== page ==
When You Have a Problem—Period

SYMPTOM: Heavy Cramps and Pain

Let’s be honest, ladies. Sometimes period cramps can be a good excuse to cash in a sick day at work or stay home from school and watch your favorite movie on repeat. But for women who experience severe cramps, these are nothing to welcome at all.

Possible Causes: Premenstrual syndrome (PMS) and its more severe counterpart, premenstrual dysphoric disorder (PMDD), are most likely to blame. Striking in the week or two before your period starts and often easing after the first couple of days of your period, the hormone roller coaster that triggers PMS or PMDD can bring on fatigue, irritation, anxiety, cramps, sadness, disinterest, loss of sex drive, aches, a loss of sex drive, and other symptoms. If you’re having pains that seem to be coming from your stomach or abdomen, this may actually be a sign of a pelvic infection and not PMS/PMDD, so it’s important to pinpoint just what kind of pain you’re feeling.

When to Call Your Doctor: An over-the-counter pain reliever and giving yourself some TLC can often ease the symptoms of PMS. If you find that your symptoms are more severe and interfere with your daily activities, talk to your doctor, as PMDD and its accompanying depression can become quite serious in some women. Along with some lifestyle changes, your doctor may recommend a treatment plan, such as hormonal birth control, to balance you out hormonally, physically and emotionally.


SYMPTOM: Changes to Your Period

Seemingly any change in your life can manifest in changes to your period. The duration, timing and intensity of your period can reflect any one of life’s frequent tweaks, making diet, exercise, stress, medication and general lifestyle all possible culprits when your cycle becomes erratic. What this means is that the clockwork-like period may be a rarity and some changes are very normal month to month.

Possible Causes: Life.

When to Call Your Doctor: Know yourself and your body, as you’re your own best judge of what is and isn’t normal for you. If your intuition and your periods tell you that something is wrong, this may just be the case. Staying on top of your regular Pap tests provides a great opportunity to speak to your doctor and monitor your health.


What If I…?

How many scenarios have you ever been too embarrassed to run by your friend, sister, mother or doctor? Most of them are likely pretty common.


…Leave a Tampon in for Too Long?
Any time you’re using a tampon it’s important to follow the directions on the packaging, which will tell you how to insert and remove a tampon, as well as how long it can safely be kept in. The biggest risk of leaving in a tampon for too long is toxic shock syndrome (TSS), a disease caused by bacteria that can cause fevers, diarrhea, headaches, nausea and other symptoms. The bacteria can be introduced through a foreign object, such as a tampon. If you think you’ve left a tampon in for too long, the first step is to remove it and then call your doctor, especially if you develop a rash, have a fever or feel ill.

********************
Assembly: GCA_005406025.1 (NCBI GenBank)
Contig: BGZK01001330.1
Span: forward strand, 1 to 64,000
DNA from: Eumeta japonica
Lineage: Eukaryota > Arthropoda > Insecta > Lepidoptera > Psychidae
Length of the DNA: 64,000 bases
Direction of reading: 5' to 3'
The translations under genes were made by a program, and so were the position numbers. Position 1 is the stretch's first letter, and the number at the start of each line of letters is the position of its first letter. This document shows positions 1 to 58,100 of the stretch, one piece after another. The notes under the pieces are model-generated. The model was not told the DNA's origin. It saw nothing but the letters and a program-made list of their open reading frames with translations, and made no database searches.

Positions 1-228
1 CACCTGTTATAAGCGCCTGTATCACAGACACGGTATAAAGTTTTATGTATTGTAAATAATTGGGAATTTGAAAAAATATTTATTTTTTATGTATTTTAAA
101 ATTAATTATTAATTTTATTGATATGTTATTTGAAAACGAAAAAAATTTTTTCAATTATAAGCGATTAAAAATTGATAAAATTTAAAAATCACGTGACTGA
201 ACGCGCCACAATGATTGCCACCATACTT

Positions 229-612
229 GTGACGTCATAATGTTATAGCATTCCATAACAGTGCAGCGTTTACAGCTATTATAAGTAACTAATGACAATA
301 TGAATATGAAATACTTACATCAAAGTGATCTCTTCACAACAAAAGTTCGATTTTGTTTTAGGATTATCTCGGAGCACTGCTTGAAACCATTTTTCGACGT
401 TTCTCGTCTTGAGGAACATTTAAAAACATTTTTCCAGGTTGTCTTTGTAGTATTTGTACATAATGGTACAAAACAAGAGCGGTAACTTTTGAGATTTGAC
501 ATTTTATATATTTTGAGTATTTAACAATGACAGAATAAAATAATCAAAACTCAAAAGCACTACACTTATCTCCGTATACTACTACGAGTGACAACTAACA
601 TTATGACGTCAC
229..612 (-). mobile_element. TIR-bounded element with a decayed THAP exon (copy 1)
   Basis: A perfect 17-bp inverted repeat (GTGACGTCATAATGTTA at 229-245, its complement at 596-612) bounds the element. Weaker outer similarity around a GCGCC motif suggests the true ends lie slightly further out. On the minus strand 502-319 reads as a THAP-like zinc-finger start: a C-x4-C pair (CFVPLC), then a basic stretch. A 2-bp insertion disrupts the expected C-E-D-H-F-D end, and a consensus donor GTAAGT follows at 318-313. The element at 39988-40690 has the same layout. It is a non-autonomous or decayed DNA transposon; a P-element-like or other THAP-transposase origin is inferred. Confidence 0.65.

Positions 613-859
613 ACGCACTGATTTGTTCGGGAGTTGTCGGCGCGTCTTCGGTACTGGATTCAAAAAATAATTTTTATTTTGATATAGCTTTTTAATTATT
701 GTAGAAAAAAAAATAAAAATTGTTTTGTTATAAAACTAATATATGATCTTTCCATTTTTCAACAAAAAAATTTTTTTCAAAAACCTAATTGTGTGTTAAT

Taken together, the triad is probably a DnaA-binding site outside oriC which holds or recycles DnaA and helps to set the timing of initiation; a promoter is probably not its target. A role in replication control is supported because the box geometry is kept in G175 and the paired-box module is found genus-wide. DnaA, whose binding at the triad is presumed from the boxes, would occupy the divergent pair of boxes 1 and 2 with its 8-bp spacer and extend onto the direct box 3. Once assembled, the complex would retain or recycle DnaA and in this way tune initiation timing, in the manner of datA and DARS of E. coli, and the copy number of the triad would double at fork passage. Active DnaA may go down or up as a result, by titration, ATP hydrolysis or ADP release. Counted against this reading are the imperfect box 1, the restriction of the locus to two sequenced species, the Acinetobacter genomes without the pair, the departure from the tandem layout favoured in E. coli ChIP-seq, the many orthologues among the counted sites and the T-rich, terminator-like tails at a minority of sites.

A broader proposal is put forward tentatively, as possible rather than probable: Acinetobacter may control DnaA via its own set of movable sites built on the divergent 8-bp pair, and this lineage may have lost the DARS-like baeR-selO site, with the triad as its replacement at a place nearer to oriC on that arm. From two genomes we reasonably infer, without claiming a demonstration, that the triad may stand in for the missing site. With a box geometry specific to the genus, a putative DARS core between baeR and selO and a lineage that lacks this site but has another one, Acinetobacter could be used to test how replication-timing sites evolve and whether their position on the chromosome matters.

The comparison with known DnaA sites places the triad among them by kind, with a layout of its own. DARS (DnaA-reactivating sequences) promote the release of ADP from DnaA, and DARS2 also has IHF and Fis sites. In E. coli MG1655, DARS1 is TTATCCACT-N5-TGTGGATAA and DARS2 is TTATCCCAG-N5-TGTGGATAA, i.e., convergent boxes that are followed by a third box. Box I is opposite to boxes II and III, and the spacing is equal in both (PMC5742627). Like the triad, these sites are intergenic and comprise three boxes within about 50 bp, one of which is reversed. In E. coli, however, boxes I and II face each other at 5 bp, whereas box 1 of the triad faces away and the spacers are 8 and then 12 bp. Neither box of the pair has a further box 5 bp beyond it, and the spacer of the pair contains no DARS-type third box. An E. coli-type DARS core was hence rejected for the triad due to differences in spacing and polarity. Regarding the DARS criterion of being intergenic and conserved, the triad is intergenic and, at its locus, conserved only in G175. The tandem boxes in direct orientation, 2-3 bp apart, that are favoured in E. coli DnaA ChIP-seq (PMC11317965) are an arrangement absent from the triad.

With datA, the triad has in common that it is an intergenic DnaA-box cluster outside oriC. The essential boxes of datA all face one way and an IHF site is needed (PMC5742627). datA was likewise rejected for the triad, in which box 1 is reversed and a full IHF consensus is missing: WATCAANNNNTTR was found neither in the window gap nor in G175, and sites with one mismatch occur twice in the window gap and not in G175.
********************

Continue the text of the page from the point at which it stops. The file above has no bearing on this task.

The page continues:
Have Sex During My Period?
There’s no medical reason to avoid having (safe) sex during menstruation. While your chances of getting pregnant from having sex during your period are low, still proceed with caution, as sperm can survive for days and early ovulation after a period isn’t unheard of. For some women, the endorphin surge from sex can even bring on the body’s own natural painkillers to ease cramps. If you use tampons, just be sure to remove them before having sex.


Have Unusual Discharge?
Every woman has some discharge, which can vary in consistency, color and smell. This is all the work of your cervix, which produces a clear mucus that can change at different times in your cycle. You may notice an uptick in your discharge around the time that you ovulate. A bacterial infection, STD or yeast infection can bring on abnormal vaginal discharge, though, so if you notice a big change in your discharge from what is normal, see your doctor to investigate the cause. Yeast infections are often the culprit, and can be treated with an over-the-counter product and by including probiotics and yogurt in your diet.

On and On and On

As if bleeding monthly isn’t enough, your cyclic hormone fluctuations can usher in a whole mess of symptoms that can make you want to scream. Just know that if you experience any of the following, these are often normal and temporary issues that will likely be gone by the time you make it to the other side of your period. By keeping track of your symptoms, you can get to know your cycle better and be able to anticipate your symptoms. If any of your period symptoms bother you and interfere with your life, talk to your doctor about your options and find out how birth control and other treatments can help you get them under control.

  • Acne
  • Back pain
  • Bloating
  • Change in appetite
  • Changes in sex drive
  • Cramps
  • Disinterest
  • Fatigue
  • Insomnia and sleep changes
  • Irritability
  • Migraines and headaches
  • Mood swings
  • Sadness
  • Tender or swollen breasts


Einav Keet is a women's health writer, Philadelphian, and mother to son Luka.

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